- Cemetery: Put in the cemetery name. If the gravestone is not in one of the cemeteries already listed at the web site,
include a name in this field, but plan to discuss with the Cemetery coordinator before the information is
- Section/Stone Number: Consult the Cemetery information pages for information about how stones within a cemetery are numbered.
Smaller cemeteries might not be divided into sections and their stones are just numbered either by row
or consecutively. Other cemeteries are divided into sections. Enter the appropriate section and stone number that
conforms to the standard for that cemetery.
- Genealogy ID: Leave blank. This field is for a planned future function.
- Veteran: If the person was a veteran, check yes. Otherwise leave blank or check no.
If you have checked Yes, indicate the war he/she served in.
- Stone Composition: Indicate the material of the gravestone.
- Stone Shape: Indicate the shape of the stone or marker. The most common shapes are:
Square Top, Fancy Top, Rounded Top, Pointed Top, Crude Fieldstone, Tomb, Statue, Cross Marker,
Star of David, Box Tomb, Table Tomb, or Other (describe).
- Stone Condition: Indicate the stone's overall condition: Good, Fair, or Poor.
- Stone State: Indicate whether the stone is up, down, repaired or broken. If the stone matches
more than one of these states, use the worst of the conditions (only one is allowed). If none of these conditions
applies, select Other and write in its state.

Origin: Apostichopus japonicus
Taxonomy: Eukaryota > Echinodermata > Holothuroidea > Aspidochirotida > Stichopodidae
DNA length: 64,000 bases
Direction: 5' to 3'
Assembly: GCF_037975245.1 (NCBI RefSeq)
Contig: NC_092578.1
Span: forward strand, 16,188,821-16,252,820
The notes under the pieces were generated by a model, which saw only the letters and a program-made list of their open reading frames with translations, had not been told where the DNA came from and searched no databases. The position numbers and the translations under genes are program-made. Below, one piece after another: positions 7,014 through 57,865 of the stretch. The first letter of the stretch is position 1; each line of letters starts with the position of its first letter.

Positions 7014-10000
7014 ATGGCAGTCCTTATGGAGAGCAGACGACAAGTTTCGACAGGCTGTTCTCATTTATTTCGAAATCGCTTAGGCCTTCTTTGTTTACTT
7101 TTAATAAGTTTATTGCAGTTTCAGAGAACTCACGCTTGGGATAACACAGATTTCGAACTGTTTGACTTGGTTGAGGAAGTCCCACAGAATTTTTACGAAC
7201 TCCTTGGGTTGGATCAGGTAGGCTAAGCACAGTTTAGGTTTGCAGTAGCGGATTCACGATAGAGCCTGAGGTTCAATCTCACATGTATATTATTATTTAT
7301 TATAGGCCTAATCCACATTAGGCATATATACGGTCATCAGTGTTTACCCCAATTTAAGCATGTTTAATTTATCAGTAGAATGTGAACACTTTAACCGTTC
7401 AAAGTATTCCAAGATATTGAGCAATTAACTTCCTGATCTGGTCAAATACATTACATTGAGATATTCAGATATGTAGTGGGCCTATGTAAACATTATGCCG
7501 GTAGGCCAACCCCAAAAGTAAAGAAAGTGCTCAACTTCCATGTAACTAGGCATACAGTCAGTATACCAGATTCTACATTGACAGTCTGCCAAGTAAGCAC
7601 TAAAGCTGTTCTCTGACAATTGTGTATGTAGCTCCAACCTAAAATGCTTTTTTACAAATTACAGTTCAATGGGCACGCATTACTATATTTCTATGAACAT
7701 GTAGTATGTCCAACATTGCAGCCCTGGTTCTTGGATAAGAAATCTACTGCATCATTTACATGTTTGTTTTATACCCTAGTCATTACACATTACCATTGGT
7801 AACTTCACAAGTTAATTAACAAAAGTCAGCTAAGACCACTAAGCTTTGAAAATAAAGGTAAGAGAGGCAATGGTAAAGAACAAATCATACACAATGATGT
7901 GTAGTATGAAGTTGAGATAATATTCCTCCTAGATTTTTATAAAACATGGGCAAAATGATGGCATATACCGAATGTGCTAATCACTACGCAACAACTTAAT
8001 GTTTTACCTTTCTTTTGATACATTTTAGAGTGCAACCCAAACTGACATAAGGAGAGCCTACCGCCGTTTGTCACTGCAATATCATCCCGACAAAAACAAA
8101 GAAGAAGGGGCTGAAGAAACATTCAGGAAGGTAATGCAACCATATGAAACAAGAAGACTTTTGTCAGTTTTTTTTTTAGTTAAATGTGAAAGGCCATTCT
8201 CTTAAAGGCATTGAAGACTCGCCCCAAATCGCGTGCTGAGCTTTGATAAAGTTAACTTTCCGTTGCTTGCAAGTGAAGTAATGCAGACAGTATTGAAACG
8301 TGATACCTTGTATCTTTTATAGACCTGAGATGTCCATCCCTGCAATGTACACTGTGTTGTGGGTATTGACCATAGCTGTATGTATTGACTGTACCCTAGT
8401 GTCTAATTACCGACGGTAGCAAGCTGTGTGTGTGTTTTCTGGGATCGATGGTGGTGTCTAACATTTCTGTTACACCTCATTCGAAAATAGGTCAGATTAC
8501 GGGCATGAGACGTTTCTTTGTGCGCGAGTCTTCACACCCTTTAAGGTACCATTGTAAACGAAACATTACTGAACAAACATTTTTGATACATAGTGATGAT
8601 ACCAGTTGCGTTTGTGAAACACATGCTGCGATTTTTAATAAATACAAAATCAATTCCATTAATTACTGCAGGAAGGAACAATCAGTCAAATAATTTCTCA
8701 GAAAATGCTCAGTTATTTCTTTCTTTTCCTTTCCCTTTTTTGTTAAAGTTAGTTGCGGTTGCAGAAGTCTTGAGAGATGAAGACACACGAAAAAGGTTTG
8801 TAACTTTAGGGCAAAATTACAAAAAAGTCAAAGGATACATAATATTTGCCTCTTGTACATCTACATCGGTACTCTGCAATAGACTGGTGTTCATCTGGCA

- Legibility: Indicate the legibility of the stone: Good, Fair, or Poor.
- Stone Size: Indicate the stone's size, rounded to the nearest whole inch.
- Stone still exists: Check yes if the stone still exists, even if it cannot be read, is in poor condition, or is down or broken.
If the stone was known to have existed, but is no longer there, indicate the year when it was last seen.
If a stone was included in a prior cemetery survey, but is not now there, No should be checked and the year
of the prior survey included.
- Transcriber: If you would like your name (and optionally your email address)
included in the records for this stone, provide the information in this field.
- Stone Carving: Indicate any significant carvings that appear on this stone.
Common carvings include:
Skull, Skull with wings, Winged creature (other), Angel/cherub, Willow branch, Urn, Flower,
Hand pointing up, Coat of arms, Rising sun, Brand (western), Portrait, Lamb, and Acanthus.
- Stone Carver/How Carver Identified: If you know the name of the stone carver, included
his/her name and the source of the name. Common sources for names of stone carvers include:
signed, from probate record, from the carver's account book, from the cemetery log, or it could be
just a guess.
- Transcript: This is an exact transcription of what is written on the stone,
including line break, capitalization, and punctuation. In most cases, the words on a gravestone are centered.
Unless you indicate otherwise, it is assumed that the wording on this stone is centered.
Include all of the words, including the verses, which may be in much smaller lettering than the
first part of the stone and is often unreadable from photographs.
Include only what is on the stone; put any explanations in the
Comments field. The exceptions are when a section is unreadable. Indicate that words or letters are unreadable
with an underscore or with the word "unreadable" in parenthesis. For example: Now is the (unreadable) to be with the Lord.
Also, if a stone has been buried obscuring some words that are known to exist, include (buried) in the transcript.
Break the lines exactly as they appear on the stone. When entering with the online form (authorized persons only),
indicate a line break with a vertical bar (|) and no space before or after.
Indicate a blank line, for example between two people on a single marker, with
two vertical bars with a space between (| |). There is no size limit to this field; include as
much of the wording on the stone as you can.
- Other Information: If you have information that doesn't fit into any of these fields,
contact the Society cemetery coordinator to discuss the situation.